Dorsal esophageal gland opens into lumen of esophagus in metacorpus,
just anterior to the pump chamber.
Subventral esophageal glands open into lumen of esophagus in metacorpus,
posterior to the pump chamber.
Franklin and Siddiqi, 1972
The nematode has a slender stylet with small, distinct knobs.
Females: 0.66-0.75 mm long and slender.
Males: are as numerous as females.
provided a key to the four important
species related to A. fragariae. The key is useful
in that it provides characteristics to separate the four closely related
species (Allen, 1952).
Sanwal (1961) listed 33 species and provided a key.
Reported median body size for this species (Length mm; width micrometers; weight micrograms) - Click:
Aphelenchoides besseyi is widely distributed and occurs in most
rice growing areas (Ou, 1985). The known distribution of A. besseyi on rice
includes; Australia, Ceylon, Comoro Islands, Cuba, El Salvador, Hungary, India,
Indonesia, Italy, Japan, Madagascar, Mexico, Pakistan, Philippines, Taiwan,
Thailand, former USSR, and in most countries of central and West Africa (Ou,
1972; Franklin and Siddiqi, 1972). Aphelenchoides besseyi
has also been reported as the causal agent of false angular leafspot of
beans in Costa Rica (Barrantes et al., 2006; Salas and Vargas, 1984).
Aphelenchoides besseyi was first found in Japan in 1915.
In the USA the disease was first noticed in the southern United States in 1935
but was attributed to a nutrient deficiency (Ou, 1972).
Aphelenchoides besseyi has been reported in many Southern U.S.
states that produce rice.
White tip disease caused by Aphelenchoides besseyi, is an economic
problem in many countries. Recent detections of this nematode in
California have sparked the concern of California's rice industry.
From 1959 to 1996, A. besseyi was detected only twice in California
by CDFA Nematologists: once in 1959, in a quarantine strawberry sample
originating in Oregon, and the second time in 1963 in a fungal culture collected
in Butte county. Attempts to find the nematode again from the same field
were unsuccessful. A survey of the state by CDFA for the presence or
absence of A. besseyi in California paddy rice was initiated in
1997. It was intended that this survey would provide a sound basis for
certifying California paddy rice free of A. besseyi, and
thereby, eliminate the requirement by the government of Turkey for methyl
bromide treatments of export shipments. Sampling was designed to detect the presence of the nematode at
the county or rice growing region level and 170 samples were collected.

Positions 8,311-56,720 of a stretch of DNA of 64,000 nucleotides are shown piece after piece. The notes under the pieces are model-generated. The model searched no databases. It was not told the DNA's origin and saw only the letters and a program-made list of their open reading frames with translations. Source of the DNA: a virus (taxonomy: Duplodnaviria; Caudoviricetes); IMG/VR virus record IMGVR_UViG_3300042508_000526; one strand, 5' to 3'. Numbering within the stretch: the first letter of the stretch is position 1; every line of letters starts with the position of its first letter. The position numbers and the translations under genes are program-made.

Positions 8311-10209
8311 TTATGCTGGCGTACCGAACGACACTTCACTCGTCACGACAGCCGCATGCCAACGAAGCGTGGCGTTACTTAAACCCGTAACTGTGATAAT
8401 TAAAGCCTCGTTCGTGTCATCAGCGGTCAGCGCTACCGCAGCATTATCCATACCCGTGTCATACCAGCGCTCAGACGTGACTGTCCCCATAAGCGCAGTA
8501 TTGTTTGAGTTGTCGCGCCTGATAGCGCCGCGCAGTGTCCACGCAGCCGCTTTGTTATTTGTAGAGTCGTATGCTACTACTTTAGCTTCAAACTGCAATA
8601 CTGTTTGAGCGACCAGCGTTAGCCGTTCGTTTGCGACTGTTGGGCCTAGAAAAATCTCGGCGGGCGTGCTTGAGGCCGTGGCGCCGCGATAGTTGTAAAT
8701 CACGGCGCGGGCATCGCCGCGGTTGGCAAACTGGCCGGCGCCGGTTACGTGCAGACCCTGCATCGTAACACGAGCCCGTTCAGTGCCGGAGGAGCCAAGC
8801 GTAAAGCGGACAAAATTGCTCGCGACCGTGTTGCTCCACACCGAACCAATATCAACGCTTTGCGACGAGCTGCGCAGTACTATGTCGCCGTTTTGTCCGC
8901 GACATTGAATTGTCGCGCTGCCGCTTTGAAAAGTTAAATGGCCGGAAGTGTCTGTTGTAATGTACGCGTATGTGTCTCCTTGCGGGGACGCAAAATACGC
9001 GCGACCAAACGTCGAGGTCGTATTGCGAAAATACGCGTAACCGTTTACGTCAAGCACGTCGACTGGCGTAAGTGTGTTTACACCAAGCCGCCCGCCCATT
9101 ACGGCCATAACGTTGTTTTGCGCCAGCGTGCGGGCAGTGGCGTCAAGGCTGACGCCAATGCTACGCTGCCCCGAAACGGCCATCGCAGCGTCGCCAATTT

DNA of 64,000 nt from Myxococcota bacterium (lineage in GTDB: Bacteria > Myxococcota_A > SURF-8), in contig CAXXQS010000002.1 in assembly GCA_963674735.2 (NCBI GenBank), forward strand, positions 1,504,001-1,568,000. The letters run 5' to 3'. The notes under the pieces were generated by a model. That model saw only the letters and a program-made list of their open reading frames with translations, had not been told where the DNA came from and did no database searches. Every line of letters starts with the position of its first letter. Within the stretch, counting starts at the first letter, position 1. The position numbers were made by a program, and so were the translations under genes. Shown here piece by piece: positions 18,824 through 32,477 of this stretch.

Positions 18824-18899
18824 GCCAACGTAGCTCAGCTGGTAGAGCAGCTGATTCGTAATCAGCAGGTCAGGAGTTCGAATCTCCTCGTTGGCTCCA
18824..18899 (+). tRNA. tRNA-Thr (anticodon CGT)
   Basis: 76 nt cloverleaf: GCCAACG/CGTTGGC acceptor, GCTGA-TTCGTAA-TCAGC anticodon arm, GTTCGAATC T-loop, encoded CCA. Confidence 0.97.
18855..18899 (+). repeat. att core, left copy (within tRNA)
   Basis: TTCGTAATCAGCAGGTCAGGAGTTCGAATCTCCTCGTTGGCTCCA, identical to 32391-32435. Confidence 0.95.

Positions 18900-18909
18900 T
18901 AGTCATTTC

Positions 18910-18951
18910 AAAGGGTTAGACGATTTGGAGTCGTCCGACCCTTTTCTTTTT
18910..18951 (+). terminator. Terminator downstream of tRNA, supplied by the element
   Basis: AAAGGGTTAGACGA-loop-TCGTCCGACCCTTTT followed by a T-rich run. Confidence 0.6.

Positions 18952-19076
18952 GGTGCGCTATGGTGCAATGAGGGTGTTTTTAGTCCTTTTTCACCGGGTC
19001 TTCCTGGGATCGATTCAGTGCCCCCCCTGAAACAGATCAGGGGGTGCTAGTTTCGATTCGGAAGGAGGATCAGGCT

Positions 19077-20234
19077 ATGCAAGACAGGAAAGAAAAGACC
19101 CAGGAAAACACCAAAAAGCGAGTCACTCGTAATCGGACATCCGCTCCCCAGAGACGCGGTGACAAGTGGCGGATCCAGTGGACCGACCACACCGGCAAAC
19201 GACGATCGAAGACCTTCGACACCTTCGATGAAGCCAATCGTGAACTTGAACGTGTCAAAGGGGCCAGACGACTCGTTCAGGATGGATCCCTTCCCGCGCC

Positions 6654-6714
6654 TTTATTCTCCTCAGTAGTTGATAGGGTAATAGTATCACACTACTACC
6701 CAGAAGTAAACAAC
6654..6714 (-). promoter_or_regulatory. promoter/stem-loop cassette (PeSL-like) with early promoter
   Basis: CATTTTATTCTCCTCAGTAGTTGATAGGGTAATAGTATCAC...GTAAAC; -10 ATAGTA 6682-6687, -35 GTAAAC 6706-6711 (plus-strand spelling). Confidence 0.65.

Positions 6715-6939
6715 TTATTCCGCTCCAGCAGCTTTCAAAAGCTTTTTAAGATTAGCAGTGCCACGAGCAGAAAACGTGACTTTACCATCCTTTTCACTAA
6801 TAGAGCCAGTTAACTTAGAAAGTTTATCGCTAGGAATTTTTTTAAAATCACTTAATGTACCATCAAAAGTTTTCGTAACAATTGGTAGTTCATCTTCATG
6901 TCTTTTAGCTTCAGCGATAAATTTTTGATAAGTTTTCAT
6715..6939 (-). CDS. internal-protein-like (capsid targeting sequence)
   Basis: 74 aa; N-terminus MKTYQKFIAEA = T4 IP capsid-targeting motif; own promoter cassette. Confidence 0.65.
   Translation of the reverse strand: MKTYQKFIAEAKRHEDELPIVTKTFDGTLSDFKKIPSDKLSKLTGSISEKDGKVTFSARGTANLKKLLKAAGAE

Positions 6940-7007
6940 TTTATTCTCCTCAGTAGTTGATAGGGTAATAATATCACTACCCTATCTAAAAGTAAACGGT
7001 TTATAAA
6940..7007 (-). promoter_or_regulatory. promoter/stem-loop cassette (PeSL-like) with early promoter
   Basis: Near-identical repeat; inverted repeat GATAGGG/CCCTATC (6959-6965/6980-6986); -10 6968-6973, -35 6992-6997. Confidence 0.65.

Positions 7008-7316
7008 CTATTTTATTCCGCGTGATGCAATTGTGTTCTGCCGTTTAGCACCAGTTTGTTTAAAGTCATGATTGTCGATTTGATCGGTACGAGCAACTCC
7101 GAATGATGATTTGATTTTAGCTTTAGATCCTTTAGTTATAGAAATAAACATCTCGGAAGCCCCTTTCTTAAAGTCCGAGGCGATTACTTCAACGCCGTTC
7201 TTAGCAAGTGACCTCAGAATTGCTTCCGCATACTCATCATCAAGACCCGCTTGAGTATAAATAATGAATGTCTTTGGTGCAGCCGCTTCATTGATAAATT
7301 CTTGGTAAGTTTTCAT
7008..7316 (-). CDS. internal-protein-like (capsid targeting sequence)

During the 1997 survey, one confirmed and three suspected findings of A. besseyi
resulted in four samples collected from two counties. These samples tested
negative when examined a second time. However, the government of Turkey
required that batches of rice intended for shipment to that country should be
sampled and certified to be free of the nematode. Between 1998 and 2001, A. besseyi has
been found in three such export loads. Those shipments were rejected,
resulting in millions of dollars in losses.
in California Nematode Pest Rating System.
At the state level there are no formal quarantine regulations implemented
against A. besseyi. There are no prohibitions for the import of
rice seed into California from other states within the US. At the federal
level, federal regulations have prohibited the import of seed and paddy rice
into the US since November 23, 1933. Milled rice can enter California.
Paddy rice exported to Turkey requires certification for freedom from A.
besseyi according to the Turkish Government pest control requirements.
In compliance with the Turkish government, certification is given on a per
shipment basis; each shipment has to be sampled and found free of A. besseyi
before it can be certified and shipped to Turkey.
False angular leafspot of beans is considered an important emergent disease
of beans in Costa Rica. In many areas of Costa Rica beans are grown in
rotation with rice (Barrantes et al., 2006).
Although A. besseyi is widely distributed in Brazil, economic
losses have rarely been reported. However, the frequent association of
A. besseyi with forage grass seeds in Brazil represents a phytosanitary
barrier for export to many countries. In addition, other morphologically
similar but non-pathogenic Aphelenchoides species are also
associated with forage grass seeds, leading to difficulty in attaining a
robust diagnosis (de Jesus et al., 2016).
Mainly ectoparasitic on buds.
Feeds at leaf tips and growing points in rice.
May feed endoparasitically in leaf mesophyll.
Rice is the most important host world wide.
On strawberry A. besseyi is the causal agent of 'summer dwarf'